King Leer: Gustave makes Leontine, at least, howl.

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They say the perfect farce is a well-oiled machine, but they, whoever they are, aren’t telling you the whole story. Farce demands precision, yes, and timing and structure and intricacy. But ultimately it also demands heart: If you don’t believe that the characters are real, that their shenanigans erupt like bursts of steam out of simmering human passions, that the emotional stakes are sky-high enough to justify every ridiculous gambit, every desperate attempt at bluffing and balcony-escaping and closet-ducking—well, then farce is just an exercise in engineering. And who the hell laughs at engineering?

That’s why the Olney Theatre Center’s 13 Rue de l’Amour, in a bright, busy clockwork of a production by John Going, ultimately proves something of a disappointment. It’s stylish as can be, but the giddy upper-crusty goofballs who get themselves snarled in its entangled plot might as well be theme-park automatons. After about 15 minutes of their Plasticine mugging, it’s hard to care which philanderer gets caught with whose wife, even if his pants are down at the time.

It’s no easy target Going’s trying to hit, mind you: 13 Rue isn’t just farce, it’s French farce, and vintage French farce, too. It’s by Georges Feydeau, the form’s 19th-century godfather, and his strengths were topicality and complicated incident; the characters are forever getting themselves into rooms with the very people they’re desperately trying to avoid, which is funny in pretty much any era, but back in the day, Feydeau’s jokes apparently tended toward the au courant—which is probably what leaves them feeling so bland here and now.

The language? I’m told it’s a kind of airy persiflage in the original French. In the rather hectic translation Olney is using (a dated affair by Mawby Green and Ed Feilbert), it’s more noisy than funny. Charm and style are what it requires; what Going’s production applies is a seemingly endless parade of underlines and elbows.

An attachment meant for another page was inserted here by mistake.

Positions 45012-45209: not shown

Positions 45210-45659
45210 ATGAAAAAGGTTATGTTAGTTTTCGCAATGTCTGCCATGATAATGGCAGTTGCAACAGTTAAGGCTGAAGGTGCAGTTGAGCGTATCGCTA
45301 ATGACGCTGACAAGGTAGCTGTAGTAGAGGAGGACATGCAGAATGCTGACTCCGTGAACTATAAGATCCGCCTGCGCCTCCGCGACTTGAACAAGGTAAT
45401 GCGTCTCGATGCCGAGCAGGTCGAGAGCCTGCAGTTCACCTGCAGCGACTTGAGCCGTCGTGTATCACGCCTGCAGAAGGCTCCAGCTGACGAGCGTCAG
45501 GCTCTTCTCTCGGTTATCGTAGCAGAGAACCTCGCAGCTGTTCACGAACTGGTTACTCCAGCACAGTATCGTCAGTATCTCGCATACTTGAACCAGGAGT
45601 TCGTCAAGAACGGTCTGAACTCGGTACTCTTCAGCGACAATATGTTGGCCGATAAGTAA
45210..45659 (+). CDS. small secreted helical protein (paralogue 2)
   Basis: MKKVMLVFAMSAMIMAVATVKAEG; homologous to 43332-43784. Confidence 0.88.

The oversell starts with James Wolk’s deliberately fanciful set, an exuberant eruption in scarlet and rose and pink that looks for all the world as if someone had asked Gaudí to design a bonbon box. Curvilinear doorways stand ready for slamming; heavy moldings droop lumpily atop draperies that look to have been made out of Carmen’s best Sunday-go-to-the-bullfights dress. It’s a consciously artificial frame meant to point up the absurdity of the situations Feydeau gets his characters into—which isn’t the worst idea, as far as it goes.

Going goes much further, though, coaching his performers toward characterizations every bit as stiffly artificial as the set. When the lights come up, Jeffries Thaiss’ Gustave Moricet (the insouciant seducer) and Ashley West’s Leontine (the married but only minimally reluctant seducee) sit assembling bullets for her husband’s upcoming hunting trip, busily packing powder and shot into shell casings—and don’t think the two of them don’t pivot expectantly toward the audience every time oblivious Leontine encourages lusty Gustave to “Ram it.” It’s pretty deadly, but you hope it’ll get funnier as you get to know the characters and watch them trip inevitably toward trouble.

Alas: They do trip ­themselves—Moricet into bed, accidentally, with Leontine’s amorous nephew Jean-Pierre (Nick DePinto), Leontine over a chaise (while under a blanket) in Moricet’s bachelor apartment, and Leontine’s husband Duchotel (Lawrence Redmond) into a pair of trousers that isn’t his, which pretty much forces him to confess the affair he’s been having while he’s supposed to have been off hunting in the country—but you certainly don’t get to know the characters. There’s no genuine spark between the would-be lovers, no actual sense of camaraderie between supposed best friends Moricet and Duchotel, and certainly none of the requisite coquettishness behind the eyes of West’s Leontine—a woman supposedly at once silly enough to believe most of what she’s told and yet savvy enough to plot an endgame once she’s caught her husband in a whopper.

Instead, Going’s cast plays them all for fools: Paris, in the universe of this alleged comedy, is less city than circus and its inhabitants all clowns. The metaphor becomes nearly literal in the cartoon makeup, all bright-pink cheeks and quarter-sized beauty marks, and in Liz Covey’s louder-than-Bozo costumes. The latter reach their vulgar apex when Halo Wines’ glacially unfunny Madame Spritzer makes her entrance, cooing Teutonically about love and preparing Moricet’s boudoir for the impending tryst: Covey has upholstered Wines in a bubblegum wedding cake of a dress that leaves poor Madame Spritzer looking like she’s wandered in from her day job playing Mother Ginger in some ’70s Nutcracker. She’s bewailing her exile from her German schloss—something about an affair with a lion-tamer—but you’re missing half of it, because you’re waiting for the kids to come scampering out from under her skirt.